Hamilton City Council’s $7.65 million wastewater project in Rotokauri – vital to unlocking growth in the area – is nearing completion.
The Far Western Interceptor Extension extends the city’s current wastewater network with a two‑kilometre pipeline from the Te Rapa bypass to the existing pipeline beside Avalon Drive.
Rotokauri has been identified as key for future growth on the perimeter of Hamilton, with about 1000 hectares identified for residential, commercial and industrial expansion.
Up to 20,000 new residents are expected to move into the area over the next three decades.
Hamilton city council awarded West Construction this project and Humes was made the exclusive supplier for concrete products. Due to the large nature of the project, Humes and West developed a partnership approach to the job. Heath Rickit, civil engineer at West Construction says; “The project was originally going to start with a 450-capacity pipe which would have been large enough as it was going to be sufficient to take over the excess wastewater of the Western Interceptor, but the Council decided to upgrade to a larger diameter pipe (DN1050), which is actually a lot easier to work with.”
Hundreds of pipes and two manholes were first delivered to site. The project required 860 DN1050 class 4 Polyethylene (PE) lined pipes, and 14 DN1800 PE lined manholes.
Stan Hodson, account manager at Humes, says the biggest challenge Humes faced was the ground condition and the timing for the project.
“The Council had put a tight deadline, and we had to match our production schedule to the required contractual time frame.”
The project window meant Humes had to produce a minimum of 15 pipes per day. The manholes and cover lids are also all PE lined, so Humes used a different manufacturing process for this as it is not standard.
“About 300 pipes and two manholes were first delivered to the site, and then we based our production schedule around their lay schedule,” says Hodson.
“It gave us credibility in the marketplace to be able to deliver a large volume of concrete pipes and manholes to the technical specifications of the Council and the contractual requirement the contractor had to meet within the deadline.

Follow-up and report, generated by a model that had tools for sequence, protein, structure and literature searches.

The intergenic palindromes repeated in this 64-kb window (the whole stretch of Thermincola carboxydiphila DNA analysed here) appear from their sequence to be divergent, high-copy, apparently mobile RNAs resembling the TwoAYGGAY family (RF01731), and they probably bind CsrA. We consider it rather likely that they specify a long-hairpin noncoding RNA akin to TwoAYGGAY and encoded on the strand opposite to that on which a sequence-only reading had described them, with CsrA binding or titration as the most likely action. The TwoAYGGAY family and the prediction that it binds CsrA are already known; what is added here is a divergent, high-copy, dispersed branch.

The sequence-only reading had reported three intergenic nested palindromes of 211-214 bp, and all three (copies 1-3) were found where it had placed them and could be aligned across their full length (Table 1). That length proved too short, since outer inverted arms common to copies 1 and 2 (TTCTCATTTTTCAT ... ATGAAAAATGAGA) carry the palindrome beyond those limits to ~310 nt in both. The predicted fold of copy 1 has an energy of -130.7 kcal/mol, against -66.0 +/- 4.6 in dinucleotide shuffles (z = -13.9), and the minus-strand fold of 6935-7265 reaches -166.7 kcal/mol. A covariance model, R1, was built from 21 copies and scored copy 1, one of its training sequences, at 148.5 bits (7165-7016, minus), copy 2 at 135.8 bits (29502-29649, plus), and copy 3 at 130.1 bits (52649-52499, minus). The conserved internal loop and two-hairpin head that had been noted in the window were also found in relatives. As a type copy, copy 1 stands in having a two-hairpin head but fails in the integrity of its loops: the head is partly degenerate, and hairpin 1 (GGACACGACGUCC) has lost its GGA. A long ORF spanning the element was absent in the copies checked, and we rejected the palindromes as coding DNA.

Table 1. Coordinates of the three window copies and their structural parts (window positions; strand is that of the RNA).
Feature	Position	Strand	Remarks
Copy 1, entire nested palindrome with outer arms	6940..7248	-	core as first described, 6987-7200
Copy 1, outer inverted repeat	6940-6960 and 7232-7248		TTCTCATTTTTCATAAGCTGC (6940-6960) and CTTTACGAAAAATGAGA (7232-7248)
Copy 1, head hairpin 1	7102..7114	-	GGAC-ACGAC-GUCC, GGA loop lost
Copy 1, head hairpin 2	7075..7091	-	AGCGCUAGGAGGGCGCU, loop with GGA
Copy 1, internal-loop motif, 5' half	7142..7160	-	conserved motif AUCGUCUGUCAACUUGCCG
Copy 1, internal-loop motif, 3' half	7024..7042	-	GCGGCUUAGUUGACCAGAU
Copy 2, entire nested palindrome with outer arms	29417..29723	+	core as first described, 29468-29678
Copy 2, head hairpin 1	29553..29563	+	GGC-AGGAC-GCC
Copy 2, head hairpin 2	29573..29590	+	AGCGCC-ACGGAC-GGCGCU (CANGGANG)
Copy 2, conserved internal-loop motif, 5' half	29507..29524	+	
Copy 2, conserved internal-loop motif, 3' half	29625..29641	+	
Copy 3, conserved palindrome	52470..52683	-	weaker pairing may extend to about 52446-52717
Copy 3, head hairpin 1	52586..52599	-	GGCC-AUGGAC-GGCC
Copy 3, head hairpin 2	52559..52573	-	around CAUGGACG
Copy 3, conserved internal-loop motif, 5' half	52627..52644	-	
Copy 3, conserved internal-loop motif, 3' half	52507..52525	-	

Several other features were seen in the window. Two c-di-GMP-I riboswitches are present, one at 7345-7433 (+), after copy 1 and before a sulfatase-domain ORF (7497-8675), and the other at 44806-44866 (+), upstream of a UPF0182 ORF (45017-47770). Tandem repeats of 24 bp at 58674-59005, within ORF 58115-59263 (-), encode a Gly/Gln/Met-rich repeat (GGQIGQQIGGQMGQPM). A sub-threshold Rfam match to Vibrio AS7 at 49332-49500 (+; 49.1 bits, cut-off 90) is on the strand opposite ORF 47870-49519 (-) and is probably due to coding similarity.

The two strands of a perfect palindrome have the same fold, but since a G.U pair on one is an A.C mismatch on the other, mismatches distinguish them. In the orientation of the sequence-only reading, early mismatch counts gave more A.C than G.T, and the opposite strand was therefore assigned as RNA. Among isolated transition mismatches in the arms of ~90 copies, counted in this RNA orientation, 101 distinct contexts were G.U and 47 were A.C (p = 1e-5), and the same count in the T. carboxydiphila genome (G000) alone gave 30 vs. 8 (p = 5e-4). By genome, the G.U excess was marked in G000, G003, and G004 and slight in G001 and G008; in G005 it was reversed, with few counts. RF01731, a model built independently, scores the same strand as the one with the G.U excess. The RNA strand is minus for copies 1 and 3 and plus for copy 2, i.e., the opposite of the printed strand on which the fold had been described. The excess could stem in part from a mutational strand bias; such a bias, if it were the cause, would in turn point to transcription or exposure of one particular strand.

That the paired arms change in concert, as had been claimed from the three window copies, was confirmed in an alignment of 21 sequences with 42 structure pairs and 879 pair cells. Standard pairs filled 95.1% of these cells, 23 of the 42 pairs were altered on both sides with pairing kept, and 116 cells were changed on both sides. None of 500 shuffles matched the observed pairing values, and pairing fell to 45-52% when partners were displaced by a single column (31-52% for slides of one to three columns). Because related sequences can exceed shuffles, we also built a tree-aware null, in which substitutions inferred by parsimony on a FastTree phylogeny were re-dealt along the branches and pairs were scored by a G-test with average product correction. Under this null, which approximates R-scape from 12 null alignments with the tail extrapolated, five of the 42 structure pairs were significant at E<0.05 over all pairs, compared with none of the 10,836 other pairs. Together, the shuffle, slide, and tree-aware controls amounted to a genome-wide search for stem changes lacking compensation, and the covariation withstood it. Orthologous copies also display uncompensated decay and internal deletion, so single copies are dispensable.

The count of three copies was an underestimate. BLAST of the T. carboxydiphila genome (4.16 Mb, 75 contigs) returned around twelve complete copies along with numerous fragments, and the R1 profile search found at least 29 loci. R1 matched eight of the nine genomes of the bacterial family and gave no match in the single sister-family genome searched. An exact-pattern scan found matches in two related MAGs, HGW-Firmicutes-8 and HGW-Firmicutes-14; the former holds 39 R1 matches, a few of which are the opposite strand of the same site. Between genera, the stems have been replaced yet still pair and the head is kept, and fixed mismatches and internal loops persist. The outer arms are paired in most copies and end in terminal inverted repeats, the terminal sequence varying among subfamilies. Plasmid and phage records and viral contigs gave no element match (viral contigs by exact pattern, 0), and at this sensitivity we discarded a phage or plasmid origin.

“We believe Humes’ manufacturing process is the only process in the country capable of delivering large volumes of concrete pipes and manholes within such a tight timeframe.
“Like any project, until the contractor had started digging, we had no idea what the ground condition would be like. So once they started laying, they were able to give us their lay schedule.”
Another challenge was welding the pipes to match QA requirement from the council. The PE liners were welded in all-weather and ground conditions, section by section to avoid contamination of the liner.
“Humes has a full 360 degree AGRU PE liner, and to be honest, it is much easier to weld,” says Heath.
“We also found the PE 80 AGRU liner a lot easier to work with because it’s softer and therefore it’s much more malleable.”
The pipeline is future proofed as it allows for population growth and being PE lined, there will be no hydrogen sulphide degradation, therefore extending the asset life.
Due to hydrogen sulphide issues in New Zealand, Stan believes PE-lined concrete pipes will become more widely used.
Moreover, as shields for pipe installations in deep ground conditions are required, Humes’ 2.5 metre long pipes are embedded in the shields, making it a safe environment for contractor staff to install.
“Humes West partnership have delivered the council a very successful outcome. There will be more stages in the council growth plan, so this is a pretty critical project that will improve the city network,” says Stan.